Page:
Pyrolysis and Biochar Explained in Simple Terms

For someone new to biochar, some of the terms used can be confusing. Understanding what biochar and pyrolysis mean can give you a better understanding of the processes used to create biochar, as well as a better understanding of how you can benefit from it.

Biochar is essentially a form of charcoal that can be used for a whole range of different purposes including soil amendment and conditioning. It is formed from biomass (which is just organic matter) from a process called pyrolysis (which is explained below). The word “biochar” comes from an amalgamation of “biomass” and “charcoal” and has been in use since the 20th century. The origins of biochar date back to pre-Columbian Amazonians that were believed to have used it to improve soil productivity. They produced it by covering hot agricultural waste in pits and trenches, to reach the low oxygen levels required to form biochar. Biochar can come in many different forms, such as raw, in pellets, mixed with fertiliser and mixed with water or other liquids to form a slurry. This enables biochar to be used in a variety of different applications.

Pyrolysis is the term used for the process of creating biochar. Pyrolysis is the decomposition of materials at very high temperatures, resulting in a product that can-not be converted back into its original state. It also requires very low oxygen levels to be present, and therefore needs to happen in a vacuum or tightly controlled conditions. The word itself comes from Greek origins of “pyro” – meaning fire and “lysis” – meaning separating. The process of pyrolysis is not only used for the creation of biochar, but also for many products produced in the chemical industry. Pyrolysis of biochar can occur at two speeds – slow or fast. Both have their advantages, as fast pyrolysis can occur within minutes but produce little yields of biochar, whereas slow pyrolysis can create larger yields of biochar with less by-product but take hours to produce. The process of pyrolysis has also been around for thousands of years. As mentioned earlier the Amazonians used an early form of pyrolysis to create biochar, and the ancient Egyptians also used pyrolysis to create methanol, which they then used to embalm their mummies. Modern technology however, has made it easier for the removal of oxygen, resulting in not only higher quality biochar, but the elimination of toxic gases such as CO2 being released in the process.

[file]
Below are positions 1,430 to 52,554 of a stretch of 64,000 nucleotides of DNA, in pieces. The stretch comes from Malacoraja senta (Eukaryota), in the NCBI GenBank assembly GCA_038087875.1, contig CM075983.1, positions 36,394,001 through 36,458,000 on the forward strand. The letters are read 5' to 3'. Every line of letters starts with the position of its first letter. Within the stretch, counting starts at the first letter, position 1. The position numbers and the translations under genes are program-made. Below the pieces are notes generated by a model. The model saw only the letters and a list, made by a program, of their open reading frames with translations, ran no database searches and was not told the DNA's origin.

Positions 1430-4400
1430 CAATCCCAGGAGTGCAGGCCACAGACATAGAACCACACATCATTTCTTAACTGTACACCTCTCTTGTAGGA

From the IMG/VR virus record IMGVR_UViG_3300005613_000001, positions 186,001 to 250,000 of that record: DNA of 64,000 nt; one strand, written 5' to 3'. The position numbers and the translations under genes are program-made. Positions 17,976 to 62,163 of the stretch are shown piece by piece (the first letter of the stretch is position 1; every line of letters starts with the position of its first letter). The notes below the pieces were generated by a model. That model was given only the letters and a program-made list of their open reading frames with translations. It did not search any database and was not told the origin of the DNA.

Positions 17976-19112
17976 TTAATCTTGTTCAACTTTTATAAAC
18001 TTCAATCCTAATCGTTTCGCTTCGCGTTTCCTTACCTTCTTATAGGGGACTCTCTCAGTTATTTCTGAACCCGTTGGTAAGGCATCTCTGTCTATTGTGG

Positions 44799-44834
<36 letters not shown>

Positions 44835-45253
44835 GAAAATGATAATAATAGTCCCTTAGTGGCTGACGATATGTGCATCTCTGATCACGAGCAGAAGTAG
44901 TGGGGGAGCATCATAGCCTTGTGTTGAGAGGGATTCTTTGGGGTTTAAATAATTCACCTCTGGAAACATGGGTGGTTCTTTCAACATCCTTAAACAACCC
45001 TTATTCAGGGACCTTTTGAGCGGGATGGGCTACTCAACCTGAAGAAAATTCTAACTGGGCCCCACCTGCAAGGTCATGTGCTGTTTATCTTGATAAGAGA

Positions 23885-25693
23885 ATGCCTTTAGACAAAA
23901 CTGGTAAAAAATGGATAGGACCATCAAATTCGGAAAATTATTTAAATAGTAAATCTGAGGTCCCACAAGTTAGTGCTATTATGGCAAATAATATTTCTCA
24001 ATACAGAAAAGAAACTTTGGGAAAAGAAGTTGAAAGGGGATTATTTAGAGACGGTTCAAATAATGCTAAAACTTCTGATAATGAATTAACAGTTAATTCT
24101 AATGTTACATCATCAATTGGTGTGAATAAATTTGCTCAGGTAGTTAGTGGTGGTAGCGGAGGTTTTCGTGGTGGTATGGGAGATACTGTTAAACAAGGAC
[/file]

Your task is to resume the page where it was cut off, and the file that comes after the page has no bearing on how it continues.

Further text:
Now that you understand what biochar and pyrolysis are in simple terms, you may find that it helps you to understand the benefits that biochar can bring to your crops, soils and livestock.

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